2 New pair of front proprods fitted on tie bars

1 Pair of new Monroe gas shocks fitted
2 Checked axle hypoid oil level (ok)
3 Greased universal joints on axle

1 Rectified bad oil leak on casing joint bolt
2 Changed oil to hypoid 75/90 along with slick 50 additive
3 Checked clutch adjustment (ok)

1 Set inlet/exhaust tappets correctly to 16/22th
2 Changed engine oil to Castrol GTX 20/50
3 Changed oil filter
4 Fully degreased engine exterior
5 Remove fuel tank, repair, repaint and reinstall
6 Fit new in line fuel filter
7 Fit new air intake filter to carb
8 Fit 4 new spark plugs and gap 25th
9 Fit new distributer cap
10Check gap on points (ok) 25th as new
Note Engine starts first time, runs fine and idles correctly, with no oil leaks (all new gaskets fitted).

1 Remove full system (everything) and bin most of it
2 Remove heating system and bin everything
3 Flush every part for hours on end to remove ‘jelly’
4 Refurbish radiator and thermostat housing
5 Check thermostat opens at 88c (ok)
6 Check fanbelt condition (ok) as new
7 Renew top and bottom hoses on radiator
8 Fit a recirc system on removed heater
9 Reinstall fully refurbished cooling system
Note The cooling system was run up to maximise temp, left ticking over for 30 minutes with no over heating.

1 Fit two new left hand drive headlights
2 Fit two new front tyres
3 Repair sticking passenger side seatbelt

1 Refurbish side screens (no damage on them)
2 Fit hood (this looks in very good condition)
3 Purchase and fit spare wheel to boot lid (this was missing)
4 Fully carpet boot out (non fitted from new)
5 Purchase and fit door mirrors (non fitted from new)

Well everything looks safe and sound, I’ve been through every single item with a fine toothcomb, and expect the Spartan to run perfectly for the next few years with normal servicing. Mechanical work 5 weeks = 250hrs.

The Spartan is on the long, rocky, expensive road to becoming an historic registered Spanish car. Ron assisted me with a Certifico Que Examinando (thanks). A Spanish engineer is coming to my house 22/12/10 to give it a full onceover, Industria is investigating what it is (eh a Spartan?) Then an ITV. Then the registration, then the suma, I just want to drive.

After one year and 1100hrs I’m all in, I just want the wind in my hair.

Click here to see the April 2011 update

John & Gaynor's Spartan in Spain

Just a little story on our Fantastic 1971 Spartan AOP 47K and our life in sunny Spain.
We acquired the Spartan in early 2010 from it’s original builder Mike Pearce, it was built in 1980 from a Spartan chassis and a 1971 Ford Cortina Mk111.  The engine is a Ford 1600cc Kent Crossflow.  The Spartan has kept the original Cortina registration AOP 47K.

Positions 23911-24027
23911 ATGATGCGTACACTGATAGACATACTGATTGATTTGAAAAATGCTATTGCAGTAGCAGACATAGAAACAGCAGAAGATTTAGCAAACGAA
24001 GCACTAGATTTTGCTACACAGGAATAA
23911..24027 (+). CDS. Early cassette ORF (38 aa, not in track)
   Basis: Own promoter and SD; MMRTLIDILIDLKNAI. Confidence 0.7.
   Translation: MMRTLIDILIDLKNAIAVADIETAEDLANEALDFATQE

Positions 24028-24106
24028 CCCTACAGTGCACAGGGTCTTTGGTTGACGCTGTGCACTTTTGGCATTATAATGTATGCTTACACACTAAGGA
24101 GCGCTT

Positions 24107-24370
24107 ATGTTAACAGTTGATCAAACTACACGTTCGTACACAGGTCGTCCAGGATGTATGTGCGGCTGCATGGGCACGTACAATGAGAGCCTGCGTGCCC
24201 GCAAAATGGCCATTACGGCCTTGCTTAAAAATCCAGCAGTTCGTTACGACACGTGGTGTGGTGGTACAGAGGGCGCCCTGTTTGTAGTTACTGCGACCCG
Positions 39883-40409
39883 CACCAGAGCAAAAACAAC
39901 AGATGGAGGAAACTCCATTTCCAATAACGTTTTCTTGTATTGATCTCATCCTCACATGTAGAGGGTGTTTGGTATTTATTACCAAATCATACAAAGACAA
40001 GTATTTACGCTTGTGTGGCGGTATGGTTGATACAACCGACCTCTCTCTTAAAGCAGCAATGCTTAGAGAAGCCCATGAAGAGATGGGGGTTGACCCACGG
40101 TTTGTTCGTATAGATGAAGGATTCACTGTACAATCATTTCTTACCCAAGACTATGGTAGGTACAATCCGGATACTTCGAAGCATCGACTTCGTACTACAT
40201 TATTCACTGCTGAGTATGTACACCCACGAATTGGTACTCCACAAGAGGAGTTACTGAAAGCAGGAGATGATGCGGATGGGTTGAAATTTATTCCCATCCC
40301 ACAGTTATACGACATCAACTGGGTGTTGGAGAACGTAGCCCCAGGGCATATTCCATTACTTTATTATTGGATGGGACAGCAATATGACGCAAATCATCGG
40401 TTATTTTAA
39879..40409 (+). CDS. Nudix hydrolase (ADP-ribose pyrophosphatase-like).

Mike ran the Spartan as an everyday transport for a large number of years, and then passed it on to a friend, who then passed it again, this is when the problems started.  I understand it was parked under the dreaded leaky tarpaulin for a long time, enough said, damage done.  So any of you Spartan owners beware, take the cover off once a week let the air in and start the engine or your wife will pester you to scrap your motor.

Luckily Mike rescued the Spartan and had it shipped to sunny Spain, carried out some major mechanical work, had a hip replaced, and then passed the Spartan on to me for completion.  Our Spartan story now begins, will we ever have the time and guts to finish it.

Our intention is a full restoration to contours standard with the aim of using the Spartan 52 weeks a year.  We are members of the local Classic Car Club and Gaynor is Club Secretary.


As you will have gathered by now the Spartan needed intensive care from top to tail, every square inch has a horror story to tell, I’ve no money so every item will have to be refurbished by myself with the bare minimum of purchases as possible.
I can’t possibly note down the full itemised restoration as it will fill 8 pages but if any members want a copy of this give me a call and I will post it for you, if nothing else you will have a good old giggle.

It was the fine detailing  or lack of it, one year and 1100hrs of it, yes backache, neckache, headache, heartache and gashed knuckles, the bloody lot, not to mention paint fumes and thinner burns, man I was in a mess after 1100hrs, it was me who needed a full refurb.  No more restoration for me, after 50yrs as a semi pro I’ve had enough.

Anyway the Spartan is completed, magnifico, W.A.P.P.A., admired, concours, I know every square inch and I love her or him (not sure).
My only main purchases were, one pair of front tyres, one pair of chrome number plate holders, chrome steel/aluminium sections and paint(plenty of it) plus a full engine service kit, cost on full refurb £500, all I want to do is drive “another story”.

“Another story continued”.  The dreaded, long, rocky, very expensive road transferring the Spartan from UK plates onto Spanish historic plates, you have to have a lawyer, involve the police, sanction from a detailed engineers report (“Eh” a Spartan).  The list goes on and on, a very long process which can drive you insane.  You lot be very grateful of the D.V.L.A. you are all spoilt.

Will keep you all informed (if I’m not in a straight jacket) on final progress. 

John & Gaynor.